|Date(s):||1842 to July 12, 1844|
|Tag(s):||Economy, Government, Politics, Slavery|
|Course:||“Rise And Fall of the Slave South,” University of Virginia|
Mr. A.P Hayne, a slaveholder in Charleston, S.C, sent Isaac Hazard, a merchant from Peace Vale Rhode Island, to Warrenton to purchase a shipment of clothing and cloth for his slaves. After his purchases Isaac wrote to Hayne informing him of what he bought and each items price. His purchases included: 30 men's frock coats, twilled cotton and wool, at forty cents per yard, 12 boys coats, 175 yards of GDB cloth, and 175 yards of wool for women, both at forty eight cents per yard. The bill, which included other clothing materials, amounted to 100. Isaac makes a defined effort to tell Hayne what materials remained at the same price from his trip the previous year, which was mainly the price per yard of cloth. Isaac did note that there were some increased changes in prices over the past year, to which he asks what the benefits of the Tariff of 1842 were, relating to the effects it had on the price of cloth.
The Tariff Act of 1842 was passed in response to the Tariff Acts of 1832 and 1833, both of which imposed high duties on goods produced within the United States, including cotton and woolen goods. The Tariff Act of 1833 meant to gradually reduce duty rates, which it did, until 1842, when there was a drastic, forty-two percent drop in rates within a six-month period, down to twenty percent. Duties were supposed to remain at this rate indefinitely, but only lasted two months, due to a quarrel between the Whig Party and President Tyler, which had caused them to separate. The Tariff Act of 1842 got caught up in the eventual agreement made between the two, which caused the duties to be higher than the original twenty percent rate. Consequently, the public was not very enthused about the tariff, as they realized that it did not conform to the wishes of the manufacturers, but rather those of the politicians.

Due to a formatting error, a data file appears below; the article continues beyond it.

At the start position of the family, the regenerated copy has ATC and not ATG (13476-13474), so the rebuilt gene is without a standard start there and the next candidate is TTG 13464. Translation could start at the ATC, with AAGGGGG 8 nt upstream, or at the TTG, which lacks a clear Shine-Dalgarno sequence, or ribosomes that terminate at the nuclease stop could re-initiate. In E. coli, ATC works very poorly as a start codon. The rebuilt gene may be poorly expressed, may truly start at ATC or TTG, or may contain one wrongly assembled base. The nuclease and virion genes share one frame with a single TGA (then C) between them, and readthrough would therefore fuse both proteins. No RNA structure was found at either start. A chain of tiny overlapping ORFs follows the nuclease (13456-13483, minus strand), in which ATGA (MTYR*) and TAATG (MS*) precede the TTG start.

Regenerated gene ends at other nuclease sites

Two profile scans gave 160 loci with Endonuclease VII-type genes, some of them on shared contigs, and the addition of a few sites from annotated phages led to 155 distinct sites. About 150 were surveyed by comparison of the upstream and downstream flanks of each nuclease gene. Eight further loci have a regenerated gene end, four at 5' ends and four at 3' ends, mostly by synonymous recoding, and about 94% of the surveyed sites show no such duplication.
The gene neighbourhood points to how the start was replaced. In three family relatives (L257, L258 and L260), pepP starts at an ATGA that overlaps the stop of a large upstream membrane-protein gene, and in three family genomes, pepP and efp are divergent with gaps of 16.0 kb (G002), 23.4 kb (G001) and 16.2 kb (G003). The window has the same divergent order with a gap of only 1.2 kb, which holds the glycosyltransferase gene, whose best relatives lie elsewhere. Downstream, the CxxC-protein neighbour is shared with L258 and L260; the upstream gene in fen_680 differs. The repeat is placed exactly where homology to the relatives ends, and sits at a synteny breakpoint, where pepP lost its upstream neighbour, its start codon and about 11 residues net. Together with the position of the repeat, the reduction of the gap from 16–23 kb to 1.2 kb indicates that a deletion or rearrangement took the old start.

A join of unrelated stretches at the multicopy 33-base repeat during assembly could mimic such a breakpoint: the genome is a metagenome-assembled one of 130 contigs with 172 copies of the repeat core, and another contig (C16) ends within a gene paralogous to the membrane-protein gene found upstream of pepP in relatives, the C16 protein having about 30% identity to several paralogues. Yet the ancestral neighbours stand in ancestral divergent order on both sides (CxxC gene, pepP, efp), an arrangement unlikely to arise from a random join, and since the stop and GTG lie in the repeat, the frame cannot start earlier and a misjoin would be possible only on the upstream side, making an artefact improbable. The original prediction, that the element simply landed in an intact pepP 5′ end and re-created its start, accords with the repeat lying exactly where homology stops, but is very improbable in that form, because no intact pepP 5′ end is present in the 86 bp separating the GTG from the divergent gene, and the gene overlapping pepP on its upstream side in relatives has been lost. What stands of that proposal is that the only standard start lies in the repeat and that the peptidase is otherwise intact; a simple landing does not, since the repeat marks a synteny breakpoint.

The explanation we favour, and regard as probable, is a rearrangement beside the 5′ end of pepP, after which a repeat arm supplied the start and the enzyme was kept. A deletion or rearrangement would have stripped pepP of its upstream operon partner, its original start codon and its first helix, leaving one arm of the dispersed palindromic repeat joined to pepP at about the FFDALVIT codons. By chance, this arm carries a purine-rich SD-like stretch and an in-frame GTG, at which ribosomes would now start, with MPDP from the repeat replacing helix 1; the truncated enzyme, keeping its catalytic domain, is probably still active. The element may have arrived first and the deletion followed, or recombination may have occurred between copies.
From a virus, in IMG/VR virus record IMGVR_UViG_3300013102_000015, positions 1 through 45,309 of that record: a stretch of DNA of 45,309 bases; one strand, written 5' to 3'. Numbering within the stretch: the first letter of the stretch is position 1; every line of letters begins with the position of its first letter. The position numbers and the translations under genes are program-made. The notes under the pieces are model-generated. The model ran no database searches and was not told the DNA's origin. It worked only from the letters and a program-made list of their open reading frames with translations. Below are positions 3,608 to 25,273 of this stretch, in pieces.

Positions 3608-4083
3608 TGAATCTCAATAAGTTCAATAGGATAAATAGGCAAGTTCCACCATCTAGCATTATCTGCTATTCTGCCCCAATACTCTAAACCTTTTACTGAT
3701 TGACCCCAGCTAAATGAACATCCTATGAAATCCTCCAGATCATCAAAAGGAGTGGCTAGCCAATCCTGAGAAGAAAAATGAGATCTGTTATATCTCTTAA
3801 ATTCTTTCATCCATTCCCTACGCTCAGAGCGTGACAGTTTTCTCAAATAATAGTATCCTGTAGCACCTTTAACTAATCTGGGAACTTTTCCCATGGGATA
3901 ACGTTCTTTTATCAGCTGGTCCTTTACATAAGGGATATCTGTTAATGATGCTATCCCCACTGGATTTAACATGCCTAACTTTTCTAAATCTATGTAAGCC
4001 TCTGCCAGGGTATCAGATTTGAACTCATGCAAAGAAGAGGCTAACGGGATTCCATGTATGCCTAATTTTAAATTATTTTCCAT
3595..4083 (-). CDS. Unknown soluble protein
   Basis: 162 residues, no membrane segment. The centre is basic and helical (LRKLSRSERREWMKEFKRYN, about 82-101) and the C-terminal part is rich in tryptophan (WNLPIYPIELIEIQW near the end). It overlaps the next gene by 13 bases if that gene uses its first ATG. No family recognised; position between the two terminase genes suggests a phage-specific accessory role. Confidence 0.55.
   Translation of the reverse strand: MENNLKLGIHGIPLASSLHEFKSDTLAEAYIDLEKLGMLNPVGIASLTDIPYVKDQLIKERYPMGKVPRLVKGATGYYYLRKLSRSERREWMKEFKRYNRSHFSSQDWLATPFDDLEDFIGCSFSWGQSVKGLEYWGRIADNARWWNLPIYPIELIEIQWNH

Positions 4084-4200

While the Tariff of 1842 meant to protect the American cotton textile industry, it was not as effective in its actual application. Isaac Hazard asked what the practical effect of the tariff had been, because he had not seen any results from it. At the time, in comparison to the price of equivalent fabric in Great Britain, domestic fabric in the United States cost twenty percent more. Despite this, it must be noted that without the tariff many American textile companies would not have survived. This is because the United State's industry was technologically behind Great Britain's. So, Isaac Hazard's complaint to his boss was largely a lost one, in that while textile prices could have been better than they were there was a cap on how much they could improve.